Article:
Coming off a serious knee injury that took a season and a half off his career, Jarrett Jack was brought in by the Knicks to mentor the likes of Frank Ntilikina. Turns out he became a starter, too, when Plan A on the Knicks’ drawing board went up in flames.
But in the franchise record-tying fourth straight season when 50 losses became the norm, Jack became Plan B, then Plan C and if there is a Plan D, he was probably that, too. With the acquisition of Emmanuel Mudiay at the trade deadline and Trey Burke’s emergence from NBA purgatory, Jack became a mentoring spectator.
Then he was needed over the weekend. And Jack produced. Having played in one game for just seven minutes since Feb. 14, Jack played 12 minutes Friday and 26 minutes Saturday.
“This particular situation, I’ve never been in it before. It’s easy to give into it and sulk and be mad and moan and whine,” said Jack, who finished with 18 points and seven assists in the 115-102 Garden loss to the Bucks on Saturday. “A lot of people pride themselves on being tough. Can you deal with something that’s probably one of the toughest things you ever dealt with in your professional career, take it in stride but still be a pro about it? And still have a positive impact on the guys that are playing regardless if your number’s getting called or not? I just think that’s what a solid teammate’s supposed to do.”
It’s what Jack did. It’s why his former coach, Mark Jackson, praised him as “the ultimate professional.” It’s why his current coach, Jeff Hornacek expected Jack to respond.
“He really hasn’t played much since the All-Star break. He always keeps himself ready. He’s a professional. He knows how to play,” Hornacek said. “We knew Jarrett could do that. That’s no surprise.”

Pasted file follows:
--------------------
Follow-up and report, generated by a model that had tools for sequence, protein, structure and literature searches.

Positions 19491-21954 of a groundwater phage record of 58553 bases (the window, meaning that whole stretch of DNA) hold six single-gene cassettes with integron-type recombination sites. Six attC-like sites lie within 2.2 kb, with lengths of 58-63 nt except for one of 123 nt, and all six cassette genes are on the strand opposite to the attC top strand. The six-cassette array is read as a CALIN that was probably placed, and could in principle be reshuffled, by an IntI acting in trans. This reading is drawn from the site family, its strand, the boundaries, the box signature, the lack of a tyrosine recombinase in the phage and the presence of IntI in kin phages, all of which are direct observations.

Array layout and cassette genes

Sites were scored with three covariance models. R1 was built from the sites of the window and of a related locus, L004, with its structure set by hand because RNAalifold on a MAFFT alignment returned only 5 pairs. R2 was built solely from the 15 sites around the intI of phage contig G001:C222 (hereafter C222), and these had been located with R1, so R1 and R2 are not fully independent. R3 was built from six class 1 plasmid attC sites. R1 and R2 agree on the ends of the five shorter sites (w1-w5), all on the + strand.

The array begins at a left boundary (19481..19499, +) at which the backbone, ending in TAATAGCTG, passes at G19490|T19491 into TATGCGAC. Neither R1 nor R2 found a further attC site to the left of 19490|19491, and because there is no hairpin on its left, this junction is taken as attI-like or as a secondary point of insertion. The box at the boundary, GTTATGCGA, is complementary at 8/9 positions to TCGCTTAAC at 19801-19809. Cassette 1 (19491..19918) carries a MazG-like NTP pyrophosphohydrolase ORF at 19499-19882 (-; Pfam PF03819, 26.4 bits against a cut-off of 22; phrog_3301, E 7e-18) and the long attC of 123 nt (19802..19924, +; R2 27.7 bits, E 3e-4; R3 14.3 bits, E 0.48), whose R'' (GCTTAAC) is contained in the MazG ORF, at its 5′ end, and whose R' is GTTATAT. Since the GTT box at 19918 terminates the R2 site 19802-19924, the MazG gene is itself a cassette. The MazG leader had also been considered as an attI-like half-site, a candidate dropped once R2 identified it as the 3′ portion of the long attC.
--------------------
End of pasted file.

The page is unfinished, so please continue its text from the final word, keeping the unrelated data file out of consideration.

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And Jack fought back from that January 2016 torn ACL injury, admitting, “the crazy thing is even the first half of [this] season I still wasn’t anywhere near healthy.”
Throughout the hardships, Jack did his job. He helped and guided younger players, set an example. Jack really is into helping others. Before the game, he handed out players’ sneakers to young fans. Maybe they were like 39 sizes too big, but it’s the thought. It’s something Jack learned from his dad, who would donate shoes to the needy in Sierra Leone.
“Fans come here and spend their money — they can spend their money and go wherever they want to. They work hard for their money. They decide to come here and watch us. That’s just a way for me to try and show my appreciation,” Jack said. “I try to seek out kids that are super respectful because there are some people who think they’re entitled to a whole bunch of things when they come to games. We got boatloads of sneakers back here and usually we don’t do anything with them. Why not go out there and make a kid’s day, make a kid smile? I think it’s a pretty cool thing to do.
“Growing up I never saw an NBA player walking around my neighborhood or just bumping into them. I never saw that in my life. If you can give that to a kid, why not?”